The HBO documentary nails why America neglects missing blacks
New HBO Documentary Series Follows The Lions and Missing Persons FoundationIts efforts over a decade ago to locate missing blacks and draw attention to their disappearances. It also explores the media’s neglect of these cases – what has become a favour It’s called “Missing White Woman Syndrome”.
The term was first coined by the late journalist Gwen Eavil at the Unity: Journalists of Color conference in 2004. During the conference’s “national security coverage” session, Avil – between laughs – note “If a white woman is missing, she will cover that every day.”
The “black and missingA documentary series—in addition to revisiting the disappearances of Pamela Butler, Tamica Huston and Keshai Jacobs, among other rarely covered cases—examines why this is so.
Vince Warren, executive director of the Center for Constitutional Rights, says in the second episode of the four-part series.
Warren also noted that the normalization of dehumanization and violence against blacks in entertainment media dates back to the 1915 film “The Birth of a Nation” and to the controversial and long-running reality series Cops.
“If you have been bombarded your whole life with messages and pictures of poor, frustrated, outlandish and dangerous black people — it is not surprising that when a black person is in distress, missing or murdered, it is not so much of a problem from the white community,” the journalist said. “Because they don’t think we have much to lose.
“When we see in the media terrible things happen in black communities, a lot of people think that black people are basically accomplices in the things that happened to them.”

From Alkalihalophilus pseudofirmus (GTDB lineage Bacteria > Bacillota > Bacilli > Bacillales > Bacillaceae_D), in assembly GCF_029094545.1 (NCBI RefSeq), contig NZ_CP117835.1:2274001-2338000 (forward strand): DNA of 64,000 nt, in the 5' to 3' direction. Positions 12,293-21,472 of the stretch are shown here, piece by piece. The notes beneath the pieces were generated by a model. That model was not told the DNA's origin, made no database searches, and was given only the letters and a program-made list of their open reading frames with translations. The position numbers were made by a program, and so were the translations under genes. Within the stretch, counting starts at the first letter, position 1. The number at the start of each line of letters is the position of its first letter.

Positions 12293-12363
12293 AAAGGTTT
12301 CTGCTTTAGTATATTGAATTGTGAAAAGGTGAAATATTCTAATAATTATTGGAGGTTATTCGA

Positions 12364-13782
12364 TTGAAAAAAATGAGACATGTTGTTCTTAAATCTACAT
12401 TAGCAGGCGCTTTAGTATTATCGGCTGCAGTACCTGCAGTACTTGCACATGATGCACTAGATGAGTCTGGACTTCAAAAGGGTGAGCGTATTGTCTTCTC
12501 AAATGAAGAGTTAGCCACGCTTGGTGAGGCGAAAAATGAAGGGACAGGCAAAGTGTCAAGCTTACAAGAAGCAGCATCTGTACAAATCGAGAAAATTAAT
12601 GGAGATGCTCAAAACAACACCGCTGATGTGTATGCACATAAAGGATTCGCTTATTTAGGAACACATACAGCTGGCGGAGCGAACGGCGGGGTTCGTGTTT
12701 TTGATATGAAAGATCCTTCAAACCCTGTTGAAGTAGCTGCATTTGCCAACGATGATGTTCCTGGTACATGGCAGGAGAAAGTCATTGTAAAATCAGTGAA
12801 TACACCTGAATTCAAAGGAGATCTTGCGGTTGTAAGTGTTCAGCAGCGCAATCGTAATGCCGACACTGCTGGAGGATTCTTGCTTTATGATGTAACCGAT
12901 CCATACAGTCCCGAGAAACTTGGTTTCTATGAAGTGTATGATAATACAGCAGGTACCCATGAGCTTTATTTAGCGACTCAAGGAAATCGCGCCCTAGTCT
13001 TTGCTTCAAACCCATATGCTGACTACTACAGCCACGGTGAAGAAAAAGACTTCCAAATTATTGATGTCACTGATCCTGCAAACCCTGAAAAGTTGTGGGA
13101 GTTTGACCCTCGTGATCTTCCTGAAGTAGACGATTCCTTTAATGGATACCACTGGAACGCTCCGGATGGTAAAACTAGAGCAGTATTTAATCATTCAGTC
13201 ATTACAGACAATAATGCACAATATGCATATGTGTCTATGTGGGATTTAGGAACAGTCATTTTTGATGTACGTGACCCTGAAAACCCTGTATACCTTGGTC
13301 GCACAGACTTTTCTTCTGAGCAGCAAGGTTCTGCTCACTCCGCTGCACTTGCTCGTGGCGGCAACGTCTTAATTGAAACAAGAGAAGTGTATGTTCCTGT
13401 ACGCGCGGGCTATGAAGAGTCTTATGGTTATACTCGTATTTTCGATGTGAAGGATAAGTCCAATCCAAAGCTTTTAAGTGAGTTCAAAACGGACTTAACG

The consequences of this indifference greatly hindered black families searching for their loved ones.
Janelle Johnson Dash, her daughter Michelle Nicole Diamond Green Missing in 2011, she shared the experiences she faced trying to gain media attention for her child’s case. Her story highlights how important this coverage is.
“It’s not easy to have a missing child of color,” Johnson Dash told the filmmakers.
While many of the Bronx family’s media efforts were fruitless, one successful contact eventually brought their daughter back. After getting Whoopi Goldberg’s attention, Greene’s parents went on Goldberg’s daytime talk show, “The View,” to discuss their daughter’s case. Fourteen minutes after their appearance, they received an anonymous tip and were reunited with their daughter.
Earlier this year, notes surfaced about the social media personality’s ongoing coverage Gabriel PettitoHis disappearance and later death raised awareness of the imbalance in coverage and promised greater media accountability for coverage of missing black cases. The case of the white young woman and her missing and dead white fiancé has now been widely covered on media websites for several months.
“Black and Missing” is available to show on HBO.